Assess the market’s needs with extensive market research and an in-depth study of different specializations in healthcare. Success comes from understanding the market needs and connecting with customers by filling in a necessary gap.
Find the problem you actively want to solve that matches your interests and skills and has significant opportunity built-in.
Dr. Krishan Ramdoo
Dr. Krishan Ramdoo is the CEO and Founder of TympaHealth, a London-based startup that has created the world’s first all-in-one hearing health assessment system. It’s a smartphone-enabled tool capable of aural micro-suction, screening audiometry, and otoscopy.
Dr. Ramdoo is also an ENT surgeon and has a Ph.D. in hearing. Previously he trained as an Ear, Nose, and Throat (ENT) registrar before switching to General Practice.
TympaHealth’s ambition is simple: to offer a complete ear and hearing healthcare solution with its all-in-one ear and hearing assessment device. This device, called the Tympa system, allows non-specialists to perform digital otoscopy, microsuction wax removal, and a hearing screener test within a single 30-minute appointment.
Once the ear is clear from wax or debris, clinicians can then assess the patient’s overall hearing with the Tympa system’s hearing screener. If the patient needs more help, they can use Remote Review, a remote advice and guidance service. This lets the clinicians send images and videos to ENT and Audiology experts for further analysis.
All patient records are backed up by a fully digital secure system, which can be quickly and easily shared with ENT surgeons, audiologists, or GPs if that’s needed.
Dr. Krish, as he’s known to his patients, made a simple intervention when he was an early resident that changed a patient’s life. Jane, 79, had come to the hospital with an infection unrelated to her hearing. Her treatment was successful, but she still seemed confused and disengaged with her family.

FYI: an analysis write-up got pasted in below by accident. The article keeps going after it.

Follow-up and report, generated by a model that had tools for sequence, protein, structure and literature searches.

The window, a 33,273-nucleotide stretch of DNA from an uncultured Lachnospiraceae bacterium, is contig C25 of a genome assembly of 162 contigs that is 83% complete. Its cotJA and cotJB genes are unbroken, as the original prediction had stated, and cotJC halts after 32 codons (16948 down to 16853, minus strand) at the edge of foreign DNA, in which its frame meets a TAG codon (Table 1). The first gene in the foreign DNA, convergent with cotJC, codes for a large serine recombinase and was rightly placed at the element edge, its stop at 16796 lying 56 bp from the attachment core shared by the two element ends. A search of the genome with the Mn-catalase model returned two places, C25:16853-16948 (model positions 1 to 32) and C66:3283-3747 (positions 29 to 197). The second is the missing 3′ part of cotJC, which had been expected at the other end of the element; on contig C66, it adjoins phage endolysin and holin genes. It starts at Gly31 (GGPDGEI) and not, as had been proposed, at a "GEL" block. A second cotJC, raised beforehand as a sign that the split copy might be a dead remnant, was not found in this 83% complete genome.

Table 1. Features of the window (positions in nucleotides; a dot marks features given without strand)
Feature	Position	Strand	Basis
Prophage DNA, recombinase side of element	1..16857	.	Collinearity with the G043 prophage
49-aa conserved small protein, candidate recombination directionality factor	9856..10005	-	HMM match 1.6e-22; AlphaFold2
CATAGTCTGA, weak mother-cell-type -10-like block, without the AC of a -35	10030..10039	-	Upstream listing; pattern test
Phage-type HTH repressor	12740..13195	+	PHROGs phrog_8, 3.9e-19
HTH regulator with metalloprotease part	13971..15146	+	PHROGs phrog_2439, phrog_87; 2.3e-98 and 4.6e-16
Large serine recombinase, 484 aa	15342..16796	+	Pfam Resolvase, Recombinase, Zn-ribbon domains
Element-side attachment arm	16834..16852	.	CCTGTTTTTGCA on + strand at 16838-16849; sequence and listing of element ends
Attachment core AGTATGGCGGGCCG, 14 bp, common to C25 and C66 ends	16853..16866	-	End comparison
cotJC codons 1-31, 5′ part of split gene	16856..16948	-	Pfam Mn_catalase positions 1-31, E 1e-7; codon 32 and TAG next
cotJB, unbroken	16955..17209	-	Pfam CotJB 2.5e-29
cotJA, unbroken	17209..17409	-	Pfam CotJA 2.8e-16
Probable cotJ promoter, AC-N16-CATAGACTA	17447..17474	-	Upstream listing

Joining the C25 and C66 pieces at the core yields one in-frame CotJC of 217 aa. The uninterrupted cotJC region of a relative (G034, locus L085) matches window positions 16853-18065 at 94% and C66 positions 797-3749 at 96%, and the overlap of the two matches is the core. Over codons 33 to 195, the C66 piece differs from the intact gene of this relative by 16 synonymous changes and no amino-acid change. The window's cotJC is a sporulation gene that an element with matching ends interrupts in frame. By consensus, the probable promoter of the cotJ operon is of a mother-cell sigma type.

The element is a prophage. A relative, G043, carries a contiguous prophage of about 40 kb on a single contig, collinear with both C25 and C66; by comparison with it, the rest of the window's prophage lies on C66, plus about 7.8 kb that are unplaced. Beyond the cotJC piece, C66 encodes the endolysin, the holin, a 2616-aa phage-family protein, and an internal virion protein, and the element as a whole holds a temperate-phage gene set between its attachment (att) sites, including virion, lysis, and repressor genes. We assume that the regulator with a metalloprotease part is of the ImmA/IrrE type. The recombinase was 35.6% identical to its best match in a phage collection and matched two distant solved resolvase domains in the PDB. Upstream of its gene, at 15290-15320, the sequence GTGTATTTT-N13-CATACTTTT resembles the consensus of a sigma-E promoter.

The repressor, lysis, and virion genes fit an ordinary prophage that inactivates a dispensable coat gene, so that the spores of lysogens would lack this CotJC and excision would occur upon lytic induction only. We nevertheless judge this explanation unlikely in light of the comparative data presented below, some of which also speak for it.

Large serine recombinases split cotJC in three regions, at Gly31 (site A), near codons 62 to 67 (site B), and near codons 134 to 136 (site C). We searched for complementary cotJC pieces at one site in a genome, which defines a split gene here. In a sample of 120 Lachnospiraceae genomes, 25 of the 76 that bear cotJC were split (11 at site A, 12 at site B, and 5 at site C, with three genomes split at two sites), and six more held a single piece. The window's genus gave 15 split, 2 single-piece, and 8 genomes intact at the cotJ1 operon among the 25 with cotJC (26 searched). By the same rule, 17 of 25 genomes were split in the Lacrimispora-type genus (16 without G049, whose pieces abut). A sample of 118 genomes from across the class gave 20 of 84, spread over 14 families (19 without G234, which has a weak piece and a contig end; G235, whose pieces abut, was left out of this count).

Everyone was worried that she might be suffering from early-onset dementia, but Dr. Krish didn’t think so. As an ENT doctor, he decided to look in her ears, where he found a significant build-up of wax, which prevented a proper hearing assessment.
He took her down to the ENT department and removed the wax himself. He then booked her a hearing test and discovered she had age-related hearing loss. Jane was fitted with a hearing aid and, within six months, was a different person.
Inspired by Jane’s experience, he began to research and understand how the loss of hearing has huge implications on the social isolation, quality of life, and the safety of individual patients. Hearing loss is also a known cause of problems with balance and falls and a 9% contributory factor in the risk of developing dementia (RNID).
“[After my experience with Jane] I had this idea and innovation as to how I could change the way ear and hearing health was delivered. Not only here in the developed world but around the whole world in developing low-income resource countries. Her experience really triggered me. I thought, that’s a simple intervention I did that made a big impact on this lady’s life.”